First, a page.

When A Pet Dies, How Can You Help Your Kids Say Goodbye?

dealing with a loss of a pet



A pet is family to a child and for young children, it may be the first death that they would come across. Your child may be very attached to the pet as the pet may be the best friend that he has grown up with. However, owning a pet comes with both the joy and the sadness when the pet passes away due to illness, old age or accident. It is important to prepare your child for the pet’s death and help your child through the process of saying goodbye.


#1 Prepare Your Child


If your pet is old or have a health condition, it is time to start preparing your child. Depending on the age of the child, you may wish to start reading some children books or watch some movies on this theme together (but always go through these materials on your own first). If you think that your pet will need to be euthanized, you may want to explain that the pet will not be able to recover and its doctor has done everything possible. The kindest way then is to let the pet die without feeling pain. You would have to gauge if it is appropriate for your child to be at the veterinarian’s clinic, but it is generally not recommended for children below the age of 5. Do not blame the pet’s death on the veterinarian nor pass the responsibility of explaining to your child about the pet’s death to the veterinarian.


#2 Break the News


Using an excuse or silly explanation is not going to help your child deal with the loss of the pet. Firstly, you would want to break the news to your child in a quiet setting and treat the news with respect. Secondly, it is important not to lie but tell the truth. Decide how much your child is able to understand about the concept of death, or if you should replace with simpler terms that your child can understand. However, avoid terms like going to sleep as your child may take it literally and start to be worried that going to sleep is a bad thing. For a toddler, he may think that “death” is temporary and you may have to take more time to explain that it is permanent. There is no need to give a complicated explanation, but a simple one that the pet has died which means it would not be returning will suffice.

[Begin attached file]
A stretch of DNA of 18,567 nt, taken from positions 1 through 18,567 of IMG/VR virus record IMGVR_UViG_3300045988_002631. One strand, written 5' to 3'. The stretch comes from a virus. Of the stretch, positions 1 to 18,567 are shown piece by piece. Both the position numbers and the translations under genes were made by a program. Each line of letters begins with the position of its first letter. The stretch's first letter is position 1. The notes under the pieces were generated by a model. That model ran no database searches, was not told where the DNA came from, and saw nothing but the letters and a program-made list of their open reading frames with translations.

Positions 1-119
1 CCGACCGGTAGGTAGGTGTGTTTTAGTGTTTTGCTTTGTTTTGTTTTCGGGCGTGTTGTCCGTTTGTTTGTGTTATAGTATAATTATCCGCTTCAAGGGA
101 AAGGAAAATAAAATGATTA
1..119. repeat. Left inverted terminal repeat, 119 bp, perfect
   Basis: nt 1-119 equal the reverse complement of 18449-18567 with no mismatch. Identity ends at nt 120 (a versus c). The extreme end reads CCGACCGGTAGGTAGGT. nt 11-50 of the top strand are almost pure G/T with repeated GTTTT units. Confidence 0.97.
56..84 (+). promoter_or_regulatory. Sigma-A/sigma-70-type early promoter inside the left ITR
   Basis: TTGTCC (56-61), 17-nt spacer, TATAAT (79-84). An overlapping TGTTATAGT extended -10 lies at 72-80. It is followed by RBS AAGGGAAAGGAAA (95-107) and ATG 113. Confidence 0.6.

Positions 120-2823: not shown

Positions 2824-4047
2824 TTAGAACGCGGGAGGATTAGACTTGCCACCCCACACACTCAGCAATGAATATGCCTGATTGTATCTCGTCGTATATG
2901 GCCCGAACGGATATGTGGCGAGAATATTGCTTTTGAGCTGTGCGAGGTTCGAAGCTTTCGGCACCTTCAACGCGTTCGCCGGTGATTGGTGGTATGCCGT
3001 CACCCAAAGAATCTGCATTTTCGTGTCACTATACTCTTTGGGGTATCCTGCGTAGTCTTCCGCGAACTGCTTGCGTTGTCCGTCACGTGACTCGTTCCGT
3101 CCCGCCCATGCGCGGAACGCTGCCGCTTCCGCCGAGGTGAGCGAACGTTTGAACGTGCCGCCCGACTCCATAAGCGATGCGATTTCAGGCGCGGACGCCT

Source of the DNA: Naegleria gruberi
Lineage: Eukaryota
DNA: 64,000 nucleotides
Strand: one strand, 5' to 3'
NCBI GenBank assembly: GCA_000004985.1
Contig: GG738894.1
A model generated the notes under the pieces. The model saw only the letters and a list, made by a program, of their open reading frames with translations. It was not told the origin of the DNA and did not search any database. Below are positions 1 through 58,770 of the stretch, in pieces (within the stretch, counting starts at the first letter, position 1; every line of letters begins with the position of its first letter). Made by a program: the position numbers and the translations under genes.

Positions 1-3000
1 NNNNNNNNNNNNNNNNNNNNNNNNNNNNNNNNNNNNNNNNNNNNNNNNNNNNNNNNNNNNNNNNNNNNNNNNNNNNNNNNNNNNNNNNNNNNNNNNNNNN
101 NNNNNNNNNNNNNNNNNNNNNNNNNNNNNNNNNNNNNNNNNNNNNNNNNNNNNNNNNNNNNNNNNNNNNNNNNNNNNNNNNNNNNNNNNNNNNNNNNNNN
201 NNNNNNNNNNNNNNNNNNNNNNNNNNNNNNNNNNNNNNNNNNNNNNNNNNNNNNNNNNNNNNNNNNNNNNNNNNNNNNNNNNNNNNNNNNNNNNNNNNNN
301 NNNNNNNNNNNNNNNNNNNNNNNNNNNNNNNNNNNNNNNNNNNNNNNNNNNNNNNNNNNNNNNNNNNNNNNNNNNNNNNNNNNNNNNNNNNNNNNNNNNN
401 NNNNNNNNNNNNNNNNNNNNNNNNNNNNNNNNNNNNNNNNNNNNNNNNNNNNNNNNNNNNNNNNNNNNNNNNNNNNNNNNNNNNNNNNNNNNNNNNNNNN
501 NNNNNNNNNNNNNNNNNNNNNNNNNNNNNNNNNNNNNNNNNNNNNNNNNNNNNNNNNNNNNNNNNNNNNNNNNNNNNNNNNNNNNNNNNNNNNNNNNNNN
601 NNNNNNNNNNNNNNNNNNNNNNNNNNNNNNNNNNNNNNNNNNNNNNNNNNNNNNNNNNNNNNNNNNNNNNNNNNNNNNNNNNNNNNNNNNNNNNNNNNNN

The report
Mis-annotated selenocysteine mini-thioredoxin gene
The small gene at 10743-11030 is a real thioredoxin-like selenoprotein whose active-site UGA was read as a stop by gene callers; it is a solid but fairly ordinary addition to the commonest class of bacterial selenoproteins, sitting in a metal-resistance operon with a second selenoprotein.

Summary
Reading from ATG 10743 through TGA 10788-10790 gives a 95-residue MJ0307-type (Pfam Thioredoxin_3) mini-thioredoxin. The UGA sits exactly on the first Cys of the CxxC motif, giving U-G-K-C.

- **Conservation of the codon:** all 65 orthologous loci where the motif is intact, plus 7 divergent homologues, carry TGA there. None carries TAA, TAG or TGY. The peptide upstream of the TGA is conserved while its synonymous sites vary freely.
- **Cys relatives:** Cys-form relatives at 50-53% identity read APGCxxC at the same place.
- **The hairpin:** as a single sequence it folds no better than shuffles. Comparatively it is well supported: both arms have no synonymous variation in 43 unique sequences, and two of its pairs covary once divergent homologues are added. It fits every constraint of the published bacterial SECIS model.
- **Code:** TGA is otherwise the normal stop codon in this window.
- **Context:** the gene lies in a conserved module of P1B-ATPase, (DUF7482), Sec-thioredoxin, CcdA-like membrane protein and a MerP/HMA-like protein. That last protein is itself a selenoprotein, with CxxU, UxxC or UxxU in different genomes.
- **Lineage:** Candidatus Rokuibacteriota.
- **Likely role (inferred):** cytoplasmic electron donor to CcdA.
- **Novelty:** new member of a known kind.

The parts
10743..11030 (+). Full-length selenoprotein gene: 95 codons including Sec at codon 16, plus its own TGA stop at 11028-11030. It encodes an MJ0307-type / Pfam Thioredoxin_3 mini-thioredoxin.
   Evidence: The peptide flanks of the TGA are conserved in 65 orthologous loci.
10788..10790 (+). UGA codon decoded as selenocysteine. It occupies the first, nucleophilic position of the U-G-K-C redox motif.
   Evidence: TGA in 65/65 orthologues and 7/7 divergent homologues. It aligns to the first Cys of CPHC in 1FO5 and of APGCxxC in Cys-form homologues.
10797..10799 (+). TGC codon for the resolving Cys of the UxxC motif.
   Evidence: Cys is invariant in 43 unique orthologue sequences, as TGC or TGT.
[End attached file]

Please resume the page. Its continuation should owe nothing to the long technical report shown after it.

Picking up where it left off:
#3 Be Ready to Listen


Your child may share his feelings and have questions for you. When asked what has happened to the pet after its death, it is acceptable to acknowledge to your child that you do not know. Your child may share the fond memories with the pet, or share frustration that he hasn’t treated the pet better or that he still have lots of activities planned with the pet. Be there for your child and listen to his sharing. You can also share that you feel sad as your child may feel comforted that he is not alone in this grieving process. However, be careful not to sob or cry too uncontrollably as it can be scary for a child to witness that.


how to tell child about death of pet


#4 Plan a Farewell


Cremation services are available in Singapore, and provide service such as picking up your pet and returning you the urn by the next day (or you can choose to have the urn placed in their pet columbarium). There is no designated pet burial ground in Singapore; notwithstanding, you can plan a memorial service where all family members get to write letters or place items in special box. You can also do a scrapbook with your child as a dedication to the pet.


#5 Go Slow with a New Pet


Do not be in a hurry to get a second pet to replace the first one. Each pet is unique and should not be viewed as replaceable. However, when the sadness and grief has faded, you can choose a time to ask if your child would like to have another animal friend. Don’t assume that your child would say yes, and he may decide that he is not ready or doesn’t want to own another pet.


If your child’s sadness over the death of the pet last for more than a month, or he starts to have behavioral or physical problems, you may want to offer extra support and ask if he would like to share or talk about the pet’s death Children of toddler age may also have trouble sleeping, be easily irritated, feel insecure or turn to previous “comfort” behavior like thumb-sucking. Be patient with your child and support him through this grieving process.

Written by Mei

Add Comments

Your email address will not be published.

7 + 2 =

You may use these HTML tags and attributes: <a href="" title=""> <abbr title=""> <acronym title=""> <b> <blockquote cite=""> <cite> <code> <del datetime=""> <em> <i> <q cite=""> <s> <strike> <strong>